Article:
David Blackburn

Toppling Mad Dog

Toppling Mad Dog
Text settings

Should Gaddafi be pushed? That is the question diplomats and policy makers are beginning to ask. The UN has imposed travel restrictions and frozen Gaddafi’s assets. But Gaddafi is resisting the hangman’s noose; the loss of his Mayfair property empire is the merest of inconveniences.

And still he fights on. There is now a growing humanitarian case for direct military intervention by Western powers. However, there are plenty of arguments against even introducing a no-fly zone. Gideon Rachman makes some of them in today’s FT:

‘A few of the problems are practical. Some military observers say that a no-fly zone would be of limited use in Libya, since Col Gaddafi seems to be mainly relying on ground forces. It is also probable that China or Russia would veto any UN resolution that prepared the way for the use of force. But the US and the Europeans should also have their own justified reservations about armed intervention.

The problem is that the Libyan crisis confronts two sorts of “never agains”. There is the “never again” to mass atrocities and war crimes that came out of experiences such as Rwanda and Srebrenica – and which led to the birth of R2P. And there is the “never again” to armed western intervention to overthrow an Arab dictator that came out of the Iraq war. At the moment, the Iraq experience is proving more powerful. And, as events unfold in Libya, that is still the right call.

The bloodshed in Libya is appalling – but it is not yet comparable to the Rwandan genocide, where 800,000 died. If the levels of violence in Libya increase sharply, outsiders may yet feel compelled to intervene. A no-fly zone would be a first step, although it might be largely symbolic. But, as the situation stands, foreigners are right to hang back from sending in ground troops. There is still a strong chance that the Libyans themselves will get rid of their own dictator.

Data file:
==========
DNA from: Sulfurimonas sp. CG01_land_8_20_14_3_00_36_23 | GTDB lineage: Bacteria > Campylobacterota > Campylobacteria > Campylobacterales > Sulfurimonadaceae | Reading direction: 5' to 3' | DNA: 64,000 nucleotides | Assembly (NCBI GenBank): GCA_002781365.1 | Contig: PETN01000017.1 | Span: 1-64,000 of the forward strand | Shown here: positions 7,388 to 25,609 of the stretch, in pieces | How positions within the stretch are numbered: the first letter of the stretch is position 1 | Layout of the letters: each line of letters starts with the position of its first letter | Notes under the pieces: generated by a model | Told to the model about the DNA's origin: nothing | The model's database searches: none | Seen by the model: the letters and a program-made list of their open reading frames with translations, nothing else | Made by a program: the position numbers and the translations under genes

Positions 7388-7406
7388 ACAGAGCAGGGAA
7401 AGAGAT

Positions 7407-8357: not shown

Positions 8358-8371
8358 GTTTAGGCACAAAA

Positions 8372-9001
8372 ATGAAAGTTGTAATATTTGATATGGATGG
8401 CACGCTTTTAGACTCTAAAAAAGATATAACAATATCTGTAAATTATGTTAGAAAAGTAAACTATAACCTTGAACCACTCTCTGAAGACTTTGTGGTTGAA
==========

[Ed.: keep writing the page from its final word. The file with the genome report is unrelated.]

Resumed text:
The contrast with Iraq would be enormous and beneficial. Saddam Hussein was, if possible, an even crueller dictator than Col Gaddafi. Few people, outside his own tribe, mourned his passing. But the fact that Saddam’s downfall was caused by an American-led invasion, which lacked proper UN backing, damaged the internal and external legitimacy of the new Iraq. The US and its allies were blamed for the bloodshed and chaos that followed the fall of Saddam and still feel a responsibility to try to put things right.

By contrast, the current popular uprisings in the Middle East derive their power and legitimacy from the fact that they are home-grown. These are societies and populations regaining control of their own destinies.’ The British government has retreated from yesterday’s sudden stridency, relegating the no-fly zone to the status of a contingency plan. Perhaps it has recognised that it can assist without polluting the uprising’s democratic purity - upon which the legitimacy of the next Libyan government will rest, as the country begins to recover from Gaddafi's tyranny.

The West has options. Already, African aid and human rights organisations have urged the African Union to assert itself against Gaddafi, while the nascent rebel administration in Benghazi provides a focal point for international powers to aid the rebels. Given the fluidity of the situation, aid is likely to be limited to medicine, food and so forth; it is unlikely that substantial military hardware will be leased to rebel forces.